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'We're not out of the woods': Neighbors applaud SSM move to keep grocery, but remain cautious

'We're not out of the woods': Neighbors applaud SSM move to keep grocery, but remain cautious


Pick 'n Save grocery store on Park Street.

At a neighborhood meeting Thursday night, Madison Ald. Tag Evers, District 13, told assembled south side residents to “take a deep breath.”

The meeting was held a day after SSM Health announced it is no longer pursuing plans to demolish a Pick ‘n Save, the only full-service grocery store in the area, to build a clinic on the site.

“We don’t have the specter of the grocery store, the only grocery store serving south Madison, being torn down by the end of the year. That’s not imminent. We have been making progress,” Evers said.

But, he added, “We’re not out of the woods.”

SSM isn’t going to demolish the Pick ‘n Save, and the city is fast-tracking a request for proposals to build a new grocery store on the neighboring property. It seems like a major win for a neighborhood that has lobbied hard to prevent any gap in grocery access.

The meeting attendees, numbering more than 100, applauded SSM’s news on Thursday, but some neighbors note that the issue isn't completely resolved. The city still needs to find a grocer, and Kroger, the Pick 'n Save's parent company, has not publicly committed to keeping it on the site open for a specific length of time.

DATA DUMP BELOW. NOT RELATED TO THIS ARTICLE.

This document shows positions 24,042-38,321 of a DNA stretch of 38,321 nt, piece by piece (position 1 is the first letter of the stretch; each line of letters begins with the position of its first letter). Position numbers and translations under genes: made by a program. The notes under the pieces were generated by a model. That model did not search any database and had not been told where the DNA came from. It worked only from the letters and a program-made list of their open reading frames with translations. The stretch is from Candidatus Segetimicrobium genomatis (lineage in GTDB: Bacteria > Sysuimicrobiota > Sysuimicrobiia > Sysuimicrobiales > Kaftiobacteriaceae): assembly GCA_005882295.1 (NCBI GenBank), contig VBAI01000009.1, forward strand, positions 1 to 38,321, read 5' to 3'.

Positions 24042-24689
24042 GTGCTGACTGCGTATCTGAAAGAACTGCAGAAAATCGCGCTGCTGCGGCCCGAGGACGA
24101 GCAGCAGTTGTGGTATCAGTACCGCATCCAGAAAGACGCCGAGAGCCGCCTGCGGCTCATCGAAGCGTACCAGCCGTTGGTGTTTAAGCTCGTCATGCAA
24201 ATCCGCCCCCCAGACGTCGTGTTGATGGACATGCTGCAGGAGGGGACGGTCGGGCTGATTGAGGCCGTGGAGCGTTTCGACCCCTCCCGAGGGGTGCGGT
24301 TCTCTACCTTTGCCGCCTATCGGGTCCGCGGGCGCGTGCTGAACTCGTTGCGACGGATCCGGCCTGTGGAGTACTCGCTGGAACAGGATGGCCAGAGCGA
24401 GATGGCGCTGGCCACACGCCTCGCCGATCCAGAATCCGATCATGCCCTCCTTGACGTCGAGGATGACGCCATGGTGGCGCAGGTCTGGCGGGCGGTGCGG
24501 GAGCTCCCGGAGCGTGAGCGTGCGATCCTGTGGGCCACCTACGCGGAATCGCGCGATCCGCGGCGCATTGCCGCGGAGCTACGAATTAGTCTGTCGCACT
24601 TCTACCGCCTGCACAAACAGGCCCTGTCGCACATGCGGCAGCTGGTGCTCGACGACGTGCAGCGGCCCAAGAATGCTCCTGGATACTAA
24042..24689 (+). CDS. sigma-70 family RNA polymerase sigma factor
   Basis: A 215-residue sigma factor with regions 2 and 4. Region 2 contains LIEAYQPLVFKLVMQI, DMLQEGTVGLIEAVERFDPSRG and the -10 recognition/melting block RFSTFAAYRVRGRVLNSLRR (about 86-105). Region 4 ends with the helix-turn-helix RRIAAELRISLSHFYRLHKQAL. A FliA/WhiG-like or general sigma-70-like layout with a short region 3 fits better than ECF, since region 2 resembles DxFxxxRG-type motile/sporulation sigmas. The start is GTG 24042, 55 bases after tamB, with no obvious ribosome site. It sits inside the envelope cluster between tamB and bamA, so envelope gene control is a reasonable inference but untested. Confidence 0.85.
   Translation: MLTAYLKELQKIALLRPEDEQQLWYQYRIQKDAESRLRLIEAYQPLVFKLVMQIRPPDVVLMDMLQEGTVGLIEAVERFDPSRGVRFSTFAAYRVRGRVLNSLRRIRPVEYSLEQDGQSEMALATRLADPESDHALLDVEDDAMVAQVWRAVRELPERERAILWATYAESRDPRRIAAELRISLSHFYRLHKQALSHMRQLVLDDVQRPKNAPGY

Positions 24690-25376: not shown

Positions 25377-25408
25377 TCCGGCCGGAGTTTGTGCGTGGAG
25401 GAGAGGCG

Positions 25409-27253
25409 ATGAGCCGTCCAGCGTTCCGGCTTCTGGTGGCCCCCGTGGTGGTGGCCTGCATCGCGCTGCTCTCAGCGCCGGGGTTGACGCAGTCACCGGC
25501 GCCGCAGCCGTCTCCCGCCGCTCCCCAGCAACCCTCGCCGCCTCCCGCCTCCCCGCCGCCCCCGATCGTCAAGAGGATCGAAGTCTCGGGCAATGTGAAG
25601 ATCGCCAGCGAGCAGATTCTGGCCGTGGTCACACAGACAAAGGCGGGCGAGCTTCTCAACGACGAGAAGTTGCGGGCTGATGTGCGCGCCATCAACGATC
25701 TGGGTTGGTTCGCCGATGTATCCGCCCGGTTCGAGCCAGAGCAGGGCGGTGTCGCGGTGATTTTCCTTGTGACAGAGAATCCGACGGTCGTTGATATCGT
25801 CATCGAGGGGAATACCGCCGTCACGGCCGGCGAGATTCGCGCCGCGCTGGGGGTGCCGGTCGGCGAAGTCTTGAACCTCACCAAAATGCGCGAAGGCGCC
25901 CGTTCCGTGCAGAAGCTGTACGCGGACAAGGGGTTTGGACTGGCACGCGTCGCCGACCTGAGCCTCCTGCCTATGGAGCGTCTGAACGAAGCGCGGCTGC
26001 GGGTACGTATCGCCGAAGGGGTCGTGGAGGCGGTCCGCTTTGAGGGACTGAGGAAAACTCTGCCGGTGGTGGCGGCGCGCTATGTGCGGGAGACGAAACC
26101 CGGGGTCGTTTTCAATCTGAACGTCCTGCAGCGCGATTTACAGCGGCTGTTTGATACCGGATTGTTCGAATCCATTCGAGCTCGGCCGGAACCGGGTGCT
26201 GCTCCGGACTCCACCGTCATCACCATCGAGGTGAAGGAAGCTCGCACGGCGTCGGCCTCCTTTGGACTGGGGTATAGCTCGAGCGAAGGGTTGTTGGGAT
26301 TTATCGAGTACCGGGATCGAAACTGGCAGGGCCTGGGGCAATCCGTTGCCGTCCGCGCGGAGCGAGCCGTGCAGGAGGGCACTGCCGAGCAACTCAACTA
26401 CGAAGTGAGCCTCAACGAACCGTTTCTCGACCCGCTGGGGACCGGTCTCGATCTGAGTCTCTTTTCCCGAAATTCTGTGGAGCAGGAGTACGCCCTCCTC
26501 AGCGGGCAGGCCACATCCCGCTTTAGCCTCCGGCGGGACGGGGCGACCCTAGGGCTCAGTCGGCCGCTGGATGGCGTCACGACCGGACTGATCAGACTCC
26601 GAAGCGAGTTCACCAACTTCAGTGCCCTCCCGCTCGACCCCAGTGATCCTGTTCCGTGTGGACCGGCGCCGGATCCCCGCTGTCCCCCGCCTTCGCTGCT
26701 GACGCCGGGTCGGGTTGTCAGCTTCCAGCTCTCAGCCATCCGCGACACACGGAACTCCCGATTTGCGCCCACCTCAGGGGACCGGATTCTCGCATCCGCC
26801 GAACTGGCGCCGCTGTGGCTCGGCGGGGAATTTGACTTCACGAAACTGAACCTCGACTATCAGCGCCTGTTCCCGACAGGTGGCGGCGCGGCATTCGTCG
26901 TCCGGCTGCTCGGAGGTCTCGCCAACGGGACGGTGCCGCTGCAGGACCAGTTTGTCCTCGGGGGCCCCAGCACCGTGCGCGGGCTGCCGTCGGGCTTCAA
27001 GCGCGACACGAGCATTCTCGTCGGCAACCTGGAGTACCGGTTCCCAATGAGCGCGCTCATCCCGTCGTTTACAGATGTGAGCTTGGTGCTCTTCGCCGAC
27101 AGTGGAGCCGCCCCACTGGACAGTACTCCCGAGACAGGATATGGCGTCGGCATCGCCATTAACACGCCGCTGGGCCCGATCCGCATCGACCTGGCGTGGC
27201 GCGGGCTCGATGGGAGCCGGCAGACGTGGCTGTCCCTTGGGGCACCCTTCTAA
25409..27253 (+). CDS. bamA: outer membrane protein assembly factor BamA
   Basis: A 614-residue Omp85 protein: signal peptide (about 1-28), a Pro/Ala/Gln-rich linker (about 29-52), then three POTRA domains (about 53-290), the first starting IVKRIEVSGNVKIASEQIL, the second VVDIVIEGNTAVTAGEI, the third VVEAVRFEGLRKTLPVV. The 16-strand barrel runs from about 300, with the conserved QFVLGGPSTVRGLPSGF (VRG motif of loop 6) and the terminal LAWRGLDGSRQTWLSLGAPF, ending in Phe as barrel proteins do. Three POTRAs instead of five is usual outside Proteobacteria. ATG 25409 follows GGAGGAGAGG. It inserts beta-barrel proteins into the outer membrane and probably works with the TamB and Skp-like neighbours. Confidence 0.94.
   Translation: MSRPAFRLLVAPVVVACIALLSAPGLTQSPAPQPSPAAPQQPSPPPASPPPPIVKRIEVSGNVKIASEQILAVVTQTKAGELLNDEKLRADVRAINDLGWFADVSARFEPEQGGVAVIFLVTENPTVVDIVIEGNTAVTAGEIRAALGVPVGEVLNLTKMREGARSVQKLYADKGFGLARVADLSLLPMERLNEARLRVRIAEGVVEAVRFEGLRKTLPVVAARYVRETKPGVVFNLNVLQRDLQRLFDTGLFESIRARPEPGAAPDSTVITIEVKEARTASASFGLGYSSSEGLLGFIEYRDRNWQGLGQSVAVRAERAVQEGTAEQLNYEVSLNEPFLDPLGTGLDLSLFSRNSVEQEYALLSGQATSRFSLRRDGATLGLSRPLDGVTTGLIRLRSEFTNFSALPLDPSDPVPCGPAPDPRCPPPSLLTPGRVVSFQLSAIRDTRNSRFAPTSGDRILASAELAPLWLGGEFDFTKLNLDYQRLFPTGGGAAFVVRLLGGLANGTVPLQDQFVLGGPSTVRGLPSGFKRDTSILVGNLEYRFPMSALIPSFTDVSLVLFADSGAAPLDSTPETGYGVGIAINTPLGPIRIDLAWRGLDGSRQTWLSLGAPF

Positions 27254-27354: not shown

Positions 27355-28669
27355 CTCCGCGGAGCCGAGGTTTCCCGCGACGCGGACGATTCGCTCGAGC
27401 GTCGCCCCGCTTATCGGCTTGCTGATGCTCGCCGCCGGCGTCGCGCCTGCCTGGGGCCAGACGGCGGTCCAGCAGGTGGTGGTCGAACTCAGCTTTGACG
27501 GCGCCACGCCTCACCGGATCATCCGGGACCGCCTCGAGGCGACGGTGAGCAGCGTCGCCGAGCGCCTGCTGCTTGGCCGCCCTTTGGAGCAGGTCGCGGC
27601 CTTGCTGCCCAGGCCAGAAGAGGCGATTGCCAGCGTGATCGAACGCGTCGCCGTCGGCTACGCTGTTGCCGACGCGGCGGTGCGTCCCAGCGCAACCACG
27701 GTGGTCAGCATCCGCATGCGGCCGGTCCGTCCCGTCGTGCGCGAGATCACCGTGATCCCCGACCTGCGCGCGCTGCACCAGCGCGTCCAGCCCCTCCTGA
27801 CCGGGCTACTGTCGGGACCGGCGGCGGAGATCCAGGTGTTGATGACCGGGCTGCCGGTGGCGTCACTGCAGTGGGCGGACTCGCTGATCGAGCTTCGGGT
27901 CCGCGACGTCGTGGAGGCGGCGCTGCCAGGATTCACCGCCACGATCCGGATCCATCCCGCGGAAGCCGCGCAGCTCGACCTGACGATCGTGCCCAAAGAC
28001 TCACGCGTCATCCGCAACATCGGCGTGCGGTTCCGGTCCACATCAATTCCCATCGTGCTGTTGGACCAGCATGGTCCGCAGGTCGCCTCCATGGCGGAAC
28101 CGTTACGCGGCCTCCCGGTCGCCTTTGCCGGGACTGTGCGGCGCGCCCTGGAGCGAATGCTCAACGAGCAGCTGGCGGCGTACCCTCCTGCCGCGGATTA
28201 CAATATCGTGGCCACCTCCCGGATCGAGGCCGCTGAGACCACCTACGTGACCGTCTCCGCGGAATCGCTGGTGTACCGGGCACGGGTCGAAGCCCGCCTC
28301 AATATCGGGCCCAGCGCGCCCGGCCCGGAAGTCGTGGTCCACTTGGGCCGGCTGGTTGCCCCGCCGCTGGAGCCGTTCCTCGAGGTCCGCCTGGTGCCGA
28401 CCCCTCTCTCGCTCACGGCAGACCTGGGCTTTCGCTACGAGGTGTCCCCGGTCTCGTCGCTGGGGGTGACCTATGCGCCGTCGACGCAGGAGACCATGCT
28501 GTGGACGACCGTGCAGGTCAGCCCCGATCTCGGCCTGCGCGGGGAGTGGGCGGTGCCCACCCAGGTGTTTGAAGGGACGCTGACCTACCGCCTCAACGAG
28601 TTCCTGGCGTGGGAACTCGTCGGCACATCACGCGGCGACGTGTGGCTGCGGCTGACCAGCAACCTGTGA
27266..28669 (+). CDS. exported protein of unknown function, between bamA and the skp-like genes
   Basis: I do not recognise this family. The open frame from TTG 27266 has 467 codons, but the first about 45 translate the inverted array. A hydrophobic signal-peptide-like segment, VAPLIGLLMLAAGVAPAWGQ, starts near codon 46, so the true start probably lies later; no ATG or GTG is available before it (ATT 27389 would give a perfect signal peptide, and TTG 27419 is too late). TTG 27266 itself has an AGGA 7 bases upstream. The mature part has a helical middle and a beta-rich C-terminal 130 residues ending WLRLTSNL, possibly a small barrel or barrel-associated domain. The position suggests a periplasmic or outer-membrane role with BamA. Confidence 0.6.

SSM Health originally planned to demolish a Pick ‘n Save at 1312 S. Park St. by the end of this year, and the city’s efforts to find a developer to build a grocery store on a neighboring property stalled. Neighbors consistently raised concerns that this could create a gap of time in the neighborhood without a full-service grocery store.

On Wednesday, SSM Health announced they would instead build a clinic on their existing property on South Fish Hatchery Road.

Brandon King, director of facilities management for SSM Health Dean Medical Group, said Thursday that the relocated plans for the SSM clinic will be “roughly the same size and hold roughly the same things,” but will be on property currently owned by the company. SSM Health owns about 14 acres in the area, he said, including a clinic on Fish Hatchery Road, two parking lots and 14 houses north of the clinic.

“We will continue to listen and work with you. These projects, these buildings, these areas are complicated, and they take many voices from architects to engineers to — most important — you to work though these things together,” King said.

Meanwhile, the city owns the 3.5-acre property next door at 1402 S. Park St., formerly the Truman Olson United States Army Reserve Center. The city recently released a new request for proposals on the site, which focuses on bringing a grocery store to the area.

The city has sent its RFP to more than two dozen specific development entities and grocers that have experience or interest in similar projects, said Dan Rolfs, the city’s community development project manager.